Tag Archives: hugos

Hugo Awards: the novellas

… and now we get a little controversial…

As mentioned previously, I decided to read all the Hugo nominations. Because.

The novellas: I am… more torn than I have been previously.

“Big Boys Don’t Cry,” Tom Kratman: an AI battle-ship type thing, who is gendered female because of her call sign, is nostalgic for the Good Old Days when she had real soldiers instead of drones (*cough* Leckie *cough*). She is especially nostalgic because she so liked to cook for them… ?!? I’m sure it’s meant to ‘humanise’ the AI, but STILL. Anyway. The rest of the novella is Maggie (the ship) reminiscing as she’s torn apart for scrap. Hard to keep timelines straight, harder still to care about the characters; not Hugo worthy.

“Flow,” Arlan Andrews: actually kinda clever; young man goes on a journey and dicovers that the world isn’t as he always assumed it was. Andrews has done a passable job of thinking through some of the issues of not knowing about the sun and moon (our hero lives under a perpetual cloud bank). But the story itself was nothing of interest, the attitude towards women was decades old, and I just couldn’t bring myself to care about any of the characters.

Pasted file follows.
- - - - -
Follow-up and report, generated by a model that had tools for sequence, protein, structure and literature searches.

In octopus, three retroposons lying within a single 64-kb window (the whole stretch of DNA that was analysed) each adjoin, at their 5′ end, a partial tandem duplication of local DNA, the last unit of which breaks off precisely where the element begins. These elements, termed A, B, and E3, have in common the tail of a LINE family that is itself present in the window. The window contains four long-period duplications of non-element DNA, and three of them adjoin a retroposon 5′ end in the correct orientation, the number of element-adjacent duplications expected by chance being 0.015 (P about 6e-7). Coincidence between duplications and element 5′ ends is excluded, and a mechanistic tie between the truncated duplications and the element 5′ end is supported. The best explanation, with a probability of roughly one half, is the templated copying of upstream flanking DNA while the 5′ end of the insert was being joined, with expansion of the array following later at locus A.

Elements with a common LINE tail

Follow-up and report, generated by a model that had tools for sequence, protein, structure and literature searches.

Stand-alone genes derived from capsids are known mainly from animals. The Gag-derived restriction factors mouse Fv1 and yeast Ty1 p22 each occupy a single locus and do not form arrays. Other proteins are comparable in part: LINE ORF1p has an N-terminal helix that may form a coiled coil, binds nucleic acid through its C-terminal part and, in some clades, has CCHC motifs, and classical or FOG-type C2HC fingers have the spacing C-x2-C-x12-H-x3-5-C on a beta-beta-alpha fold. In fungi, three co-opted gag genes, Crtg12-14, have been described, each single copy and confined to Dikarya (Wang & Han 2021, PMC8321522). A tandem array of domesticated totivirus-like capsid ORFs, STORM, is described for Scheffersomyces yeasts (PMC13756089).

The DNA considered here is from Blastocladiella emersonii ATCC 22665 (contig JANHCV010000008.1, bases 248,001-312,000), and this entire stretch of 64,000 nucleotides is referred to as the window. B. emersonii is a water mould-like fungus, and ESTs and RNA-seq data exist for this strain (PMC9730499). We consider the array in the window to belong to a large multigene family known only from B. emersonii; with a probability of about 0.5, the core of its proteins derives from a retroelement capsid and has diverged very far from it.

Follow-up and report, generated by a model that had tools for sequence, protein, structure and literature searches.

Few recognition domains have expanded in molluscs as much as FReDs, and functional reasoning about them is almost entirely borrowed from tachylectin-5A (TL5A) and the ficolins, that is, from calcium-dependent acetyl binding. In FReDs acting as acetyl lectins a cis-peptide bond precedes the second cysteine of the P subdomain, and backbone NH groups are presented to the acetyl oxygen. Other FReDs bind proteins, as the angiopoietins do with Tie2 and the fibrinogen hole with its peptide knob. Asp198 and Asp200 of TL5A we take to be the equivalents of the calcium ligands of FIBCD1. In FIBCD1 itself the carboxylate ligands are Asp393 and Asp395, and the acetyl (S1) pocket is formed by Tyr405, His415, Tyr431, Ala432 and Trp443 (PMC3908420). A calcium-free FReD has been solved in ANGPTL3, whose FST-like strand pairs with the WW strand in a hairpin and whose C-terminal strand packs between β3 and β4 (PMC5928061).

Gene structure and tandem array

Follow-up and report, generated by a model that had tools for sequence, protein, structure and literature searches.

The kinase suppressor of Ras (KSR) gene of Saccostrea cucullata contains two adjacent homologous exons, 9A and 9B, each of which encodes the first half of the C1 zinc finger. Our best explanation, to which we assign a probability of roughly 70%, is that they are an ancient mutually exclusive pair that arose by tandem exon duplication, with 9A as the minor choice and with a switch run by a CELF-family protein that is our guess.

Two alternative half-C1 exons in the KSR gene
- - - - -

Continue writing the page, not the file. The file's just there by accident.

“One Bright Star to Guide Them,” John C Wright: I didn’t hate the premise (this is where I start getting controversial, FWIW). Yes it’s using CS Lewis and maybe some Susan Cooper; no it’s not especially original (there’s even a lion, for eye-rolling astonishment). It’s too long, and definitely drags in the middle. As a story, I don’t actually mind it. But is it worth a Hugo? Sometimes, pastiches or homages are. I don’t think this one lifts enough, or gets different and interesting enough, to fall into that category.

“Pale Realms of Shade,” John C Wright: again, I actually didn’t mind the premise (ooh, see me keep on being controversial!). Told from the perspective of a dead PI, it’s a ghost telling its own story about figuring out who done the deed and why. It’s a story of self-discovery and repentance – maybe a bit late when you’re dead, but oh well. I imagine that some readers got peeved at the religious aspects; this is not a problem for me. As with the previous story I found it quite passable… spoiled by this line: “There were no steeples in that future, no church bells, just thin, wailing cries from thin, ugly minarets.” Uh. No.

“The Plural of Helen of Troy,” John C Wright: ready for me to get actually controversial? I’m not sure about this one.